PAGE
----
Medicare's Nursing Home Benefit Are Hoping To Force The Government

Medicare paid for Betty Gordon’s knee replacement surgery in March; but the 72-year-old former high school teacher need a nursing home stay and care at home to recover. Yet Medicare wouldn’t pay for that. So Gordon is stuck with a $7,000 bill she can’t afford and, as if that were not bad enough, she can’t appeal. The reasons Medicare won’t pay have frustrated the Rhode Island woman and many others trapped in the maze of regulations surrounding something called “observation care.”

Patients, like Gordon, receive observation care in the hospital when their doctors think they are too sick to go home but not sick enough to be admitted. They stay overnight or longer, usually in regular hospital rooms, getting some of the same services and treatment (often for the same problems) as an admitted patient intravenous fluids, medications and other treatment, diagnostic tests and round-the-clock care they can get only in a hospital.

Medicare’s nursing home

But observation care is consider an outpatient service under Medicare rules; like a doctor’s appointment or a lab test. Observation patients may have to pay a larger share of the hospital bill than if they were officially admit to the hospital. Plus, they have to pick up the tab for any nursing home care. Medicare’s nursing home benefit is available only to those admit; so to the hospital for three consecutive days. Gordon spent three days in the hospital after her surgery; but because she was getting observation care, that time didn’t count.

There’s another twist: Patients might want to file an appeal; so as they can with many other Medicare decisions. But that is not allow if the dispute involves observation care. Monday, a trial begins in federal court in Hartford, Conn., where patients who were denied Medicare’s nursing home benefit; which are hoping to force the government to eliminate that exception. A victory would clear the way for appeals from hundreds of thousands of people.

The class-action lawsuit was file in 2011 by seven Medicare observation patients; also their families against the Department of Health and Human Services. Seven more plaintiffs later join the case. “This is about whether the government can take away health care coverage you may be entitle to and leave you no opportunity to fight for it,” said Alice Bers; litigation director at the Center for Medicare Advocacy; so one of the groups representing the plaintiffs.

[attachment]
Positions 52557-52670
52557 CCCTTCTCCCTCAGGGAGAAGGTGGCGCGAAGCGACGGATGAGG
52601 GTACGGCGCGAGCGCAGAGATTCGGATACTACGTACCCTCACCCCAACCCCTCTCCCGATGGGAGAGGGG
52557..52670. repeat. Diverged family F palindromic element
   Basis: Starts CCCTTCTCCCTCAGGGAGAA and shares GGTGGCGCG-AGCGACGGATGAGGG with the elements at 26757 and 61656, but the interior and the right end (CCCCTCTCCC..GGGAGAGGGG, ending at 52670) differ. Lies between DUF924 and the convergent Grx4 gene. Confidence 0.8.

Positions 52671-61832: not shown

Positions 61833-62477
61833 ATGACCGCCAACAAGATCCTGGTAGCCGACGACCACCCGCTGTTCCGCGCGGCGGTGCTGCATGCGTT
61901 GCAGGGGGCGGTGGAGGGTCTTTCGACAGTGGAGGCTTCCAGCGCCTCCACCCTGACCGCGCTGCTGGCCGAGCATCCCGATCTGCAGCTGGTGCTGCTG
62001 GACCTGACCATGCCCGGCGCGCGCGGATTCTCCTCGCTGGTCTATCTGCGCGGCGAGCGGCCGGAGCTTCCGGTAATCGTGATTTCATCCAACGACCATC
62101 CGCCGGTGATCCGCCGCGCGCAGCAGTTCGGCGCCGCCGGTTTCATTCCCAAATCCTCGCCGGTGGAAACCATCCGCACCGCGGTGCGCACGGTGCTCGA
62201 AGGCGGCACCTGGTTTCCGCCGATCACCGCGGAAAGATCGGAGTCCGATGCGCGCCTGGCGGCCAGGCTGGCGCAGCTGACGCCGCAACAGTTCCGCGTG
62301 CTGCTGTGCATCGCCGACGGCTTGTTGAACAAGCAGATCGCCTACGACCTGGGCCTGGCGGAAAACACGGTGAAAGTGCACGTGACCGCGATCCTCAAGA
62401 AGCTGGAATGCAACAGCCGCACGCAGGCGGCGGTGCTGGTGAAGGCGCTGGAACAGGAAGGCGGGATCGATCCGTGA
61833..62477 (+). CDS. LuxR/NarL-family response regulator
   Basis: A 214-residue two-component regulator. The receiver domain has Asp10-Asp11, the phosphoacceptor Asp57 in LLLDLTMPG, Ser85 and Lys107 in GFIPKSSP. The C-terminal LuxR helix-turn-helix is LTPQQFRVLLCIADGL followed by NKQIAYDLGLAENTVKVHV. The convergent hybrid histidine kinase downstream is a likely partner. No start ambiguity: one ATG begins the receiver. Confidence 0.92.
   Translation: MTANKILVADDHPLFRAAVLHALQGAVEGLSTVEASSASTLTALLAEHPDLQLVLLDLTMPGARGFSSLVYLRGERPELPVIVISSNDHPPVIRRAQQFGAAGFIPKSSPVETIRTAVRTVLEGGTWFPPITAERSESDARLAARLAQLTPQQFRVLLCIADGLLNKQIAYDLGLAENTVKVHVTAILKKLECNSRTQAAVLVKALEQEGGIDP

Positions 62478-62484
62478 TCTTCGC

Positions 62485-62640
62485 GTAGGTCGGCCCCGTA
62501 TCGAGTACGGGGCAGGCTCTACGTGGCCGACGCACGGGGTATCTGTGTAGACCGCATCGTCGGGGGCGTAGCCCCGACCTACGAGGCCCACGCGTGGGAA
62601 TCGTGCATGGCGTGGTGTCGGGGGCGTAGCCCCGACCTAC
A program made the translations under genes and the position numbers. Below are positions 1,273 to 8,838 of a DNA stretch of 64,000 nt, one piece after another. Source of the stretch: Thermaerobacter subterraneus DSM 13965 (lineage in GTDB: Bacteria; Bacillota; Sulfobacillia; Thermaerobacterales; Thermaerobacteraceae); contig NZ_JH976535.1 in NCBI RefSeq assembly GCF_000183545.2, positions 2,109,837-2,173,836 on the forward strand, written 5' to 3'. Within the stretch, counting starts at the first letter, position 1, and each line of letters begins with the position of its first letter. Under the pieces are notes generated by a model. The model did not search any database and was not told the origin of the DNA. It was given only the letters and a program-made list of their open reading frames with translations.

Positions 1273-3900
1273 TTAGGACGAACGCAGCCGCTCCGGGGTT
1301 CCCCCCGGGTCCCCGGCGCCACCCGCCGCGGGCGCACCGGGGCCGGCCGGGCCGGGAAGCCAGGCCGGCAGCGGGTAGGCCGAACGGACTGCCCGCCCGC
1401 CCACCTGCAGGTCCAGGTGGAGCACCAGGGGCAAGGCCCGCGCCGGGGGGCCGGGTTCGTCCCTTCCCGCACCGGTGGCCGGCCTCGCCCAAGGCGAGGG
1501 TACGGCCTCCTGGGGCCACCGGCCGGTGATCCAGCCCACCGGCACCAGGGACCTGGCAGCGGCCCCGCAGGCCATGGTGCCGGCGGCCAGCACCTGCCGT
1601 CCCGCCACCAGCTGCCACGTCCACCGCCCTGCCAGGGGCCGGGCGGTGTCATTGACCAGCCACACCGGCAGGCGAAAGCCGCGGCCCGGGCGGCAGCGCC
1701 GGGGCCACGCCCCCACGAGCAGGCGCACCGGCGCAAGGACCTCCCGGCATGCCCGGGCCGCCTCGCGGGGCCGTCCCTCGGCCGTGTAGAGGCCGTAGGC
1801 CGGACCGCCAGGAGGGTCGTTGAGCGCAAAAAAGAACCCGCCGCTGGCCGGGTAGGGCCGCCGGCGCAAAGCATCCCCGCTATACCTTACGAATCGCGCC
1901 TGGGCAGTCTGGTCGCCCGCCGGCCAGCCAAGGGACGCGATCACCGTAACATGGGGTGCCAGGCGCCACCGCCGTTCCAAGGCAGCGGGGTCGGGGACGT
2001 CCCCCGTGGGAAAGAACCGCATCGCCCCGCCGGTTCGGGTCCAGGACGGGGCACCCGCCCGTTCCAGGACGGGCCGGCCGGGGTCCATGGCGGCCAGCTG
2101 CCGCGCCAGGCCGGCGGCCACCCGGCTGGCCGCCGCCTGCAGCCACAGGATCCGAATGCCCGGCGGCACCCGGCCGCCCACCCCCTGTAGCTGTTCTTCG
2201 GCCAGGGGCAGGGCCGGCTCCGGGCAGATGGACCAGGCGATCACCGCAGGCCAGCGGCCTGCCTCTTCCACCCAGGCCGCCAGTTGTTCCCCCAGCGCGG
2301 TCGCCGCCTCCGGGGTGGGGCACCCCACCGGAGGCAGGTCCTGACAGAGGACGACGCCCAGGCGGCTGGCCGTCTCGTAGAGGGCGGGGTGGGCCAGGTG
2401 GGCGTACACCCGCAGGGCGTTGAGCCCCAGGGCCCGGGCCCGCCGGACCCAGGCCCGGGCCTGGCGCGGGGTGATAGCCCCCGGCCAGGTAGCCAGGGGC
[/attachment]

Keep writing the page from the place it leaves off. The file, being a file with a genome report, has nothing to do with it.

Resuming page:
Pay for the care

Gordon is not a plaintiff in the case; but she said the rules force her to borrow money to pay for the care. “It doesn’t seem fair that after paying for Medicare all these years, you’re told you’re not going to be cover now for nursing home care,” Gordon said. No one has explain to Gordon, who has hypoglycemia and an immune disease, why she wasn’t admitted. The federal notice hospitals are require to give Medicare observation patients didn’t provide answers.

Medicare isn’t dictating what physicians must do, said a physician who has research the effects of observation care. “It’s a benchmark upon which to base your decisions, not a standard or a mandate,” said Dr. Michael Ross, a professor of emergency medicine at Emory University School of Medicine in Atlanta. He supervises observation care units at Emory’s five hospitals and was chairman of a CMS advisory subcommittee on observation care.

In the meantime, observation care patients who get follow-up care at a nursing home may soon receive a puzzling notice. A Medicare fact sheet issue last month “strongly encourages” nursing home operators to give an “advance beneficiary notice of non-coverage” to patients who arrive without the require prior three-day hospital admission. But that notice says they can choose to seek reimbursement by submitting an appeal to Medicare an option government lawyers will argue in court is impossible.